Unconscious, Miko Salo's arm twitched against mine. My eyes snapped open, seconds before a cadre of former Navy SEALs stormed inside our small weight room and training area. At the head of the room sat Mark Divine in the half-lotus position, observing our class that was now several minutes into dead-man pose (yoga) and every man and woman utterly and helplessly asleep. Mark had spent the previous 45 minutes leading us through a class lecture followed by a restorative yoga session that worked every muscle, joint and ligament back into form and in preparation for what lay only moments away.
Miko (2009 CrossFit Men’s World Champion), 19 others and myself had spent the last 49 hours not only deprived of sleep. We’d spent it going through the most arduous, non-military, mental toughness-training camp on the planet.
The doors slammed open as SEALFIT instructors swarmed the room with a barrage of commands and threats to return to the Grinder, where due punishment would surely be doled-out for having been caught sleeping (see video below). We shot up like quail rattled by a pack of wolves. All of us were men except for one, Kristen Clever, the 2010 Women’s CrossFit World Champion.
We sprinted for the grinder, despite the physical pain and soreness from two days of non-stop, intense physical training… “a ten out of ten” the program’s waiver had warned.
Everyone in that room proceeded to complete and thereafter graduate as Kokoro Class 12. Kokoro is Japanese for heart, and within the context of SEALFIT it means indomitable heart or heart of a warrior. Every Kokoro graduating class prior and henceforth is considered to have displayed, beyond the shadow of a doubt, an indomitable heart and the ability to dig deep enough to overcome whatever challenge life may bestow. Whether we continue to act on that knowledge and persevere is another story.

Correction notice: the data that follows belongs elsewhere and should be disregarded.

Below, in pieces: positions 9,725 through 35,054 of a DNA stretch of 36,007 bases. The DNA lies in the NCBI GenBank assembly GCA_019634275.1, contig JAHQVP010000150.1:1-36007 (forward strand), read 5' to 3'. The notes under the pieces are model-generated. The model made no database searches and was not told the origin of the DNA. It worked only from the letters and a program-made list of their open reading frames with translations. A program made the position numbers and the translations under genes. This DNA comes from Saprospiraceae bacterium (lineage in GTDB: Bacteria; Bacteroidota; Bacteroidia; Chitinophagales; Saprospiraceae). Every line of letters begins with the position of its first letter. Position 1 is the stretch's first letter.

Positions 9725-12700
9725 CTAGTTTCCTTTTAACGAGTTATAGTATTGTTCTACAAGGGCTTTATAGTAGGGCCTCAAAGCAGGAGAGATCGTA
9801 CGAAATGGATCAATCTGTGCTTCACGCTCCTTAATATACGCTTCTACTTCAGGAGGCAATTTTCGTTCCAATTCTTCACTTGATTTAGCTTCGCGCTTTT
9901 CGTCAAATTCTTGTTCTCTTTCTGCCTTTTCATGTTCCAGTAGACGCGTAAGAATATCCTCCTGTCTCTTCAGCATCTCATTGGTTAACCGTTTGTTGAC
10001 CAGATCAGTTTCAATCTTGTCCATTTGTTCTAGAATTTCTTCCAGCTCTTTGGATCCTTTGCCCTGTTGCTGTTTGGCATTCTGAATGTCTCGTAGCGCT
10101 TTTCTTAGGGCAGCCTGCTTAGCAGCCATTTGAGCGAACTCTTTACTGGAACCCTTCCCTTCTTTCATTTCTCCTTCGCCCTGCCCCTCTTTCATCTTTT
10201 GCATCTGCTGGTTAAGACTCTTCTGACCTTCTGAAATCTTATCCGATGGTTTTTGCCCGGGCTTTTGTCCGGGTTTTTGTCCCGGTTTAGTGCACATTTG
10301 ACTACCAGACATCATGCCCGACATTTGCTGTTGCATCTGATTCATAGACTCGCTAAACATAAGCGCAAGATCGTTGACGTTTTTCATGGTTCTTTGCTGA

Modeled after the Navy SEAL Hell-week experience, Kokoro takes its candidates to the bottom, where failure readily awaits to look you in the eye. The question every candidate faces is whether to return that gaze and press-on, or turn tail and run. It’s a learning experience and there is no shame in the outcome. Some are physically unable to continue while others simply decide this challenge is not for them. Regardless, should you decide to return that gaze and fight, a select-group of veteran SEAL instructors readily stand-by to guide you, but they cannot choose for you. Only you can.
This experience propelled me to continue to seek success in my life without compromise, regardless of how many times failure reared it’s ugly head.
It was not easy to be unemployed in a depressed economy the nation has not seen since the Great Depression, and living in California, one of the most hard-hit states. I trudged waist-deep through the mud of employment applications and a start-up I had barely gotten off the ground when my two co-founders and technical developers bailed. I eventually landed some work helping a friend through the early phases of product marketing and distribution for his expedition travel planning and logistics company. This, along with a passion for kettle bell training led me towards the development of the first ever Kettle Bell Sandbag. How exactly? Stay tuned for Part Two of What is the Kettle Bell Sandbag?
As always, thanks to everyone that has supported me through this project, from product development to marketing and distribution. I wish I could thank you all by name, although I know some of you have explicitly asked I do not do so. Know that your words and deeds reside close to my heart and do not go unappreciated.
Please continue to share your use and experiences with the PKB. Let us know where you’ve taken it, how you’ve used it and what plans you have in store!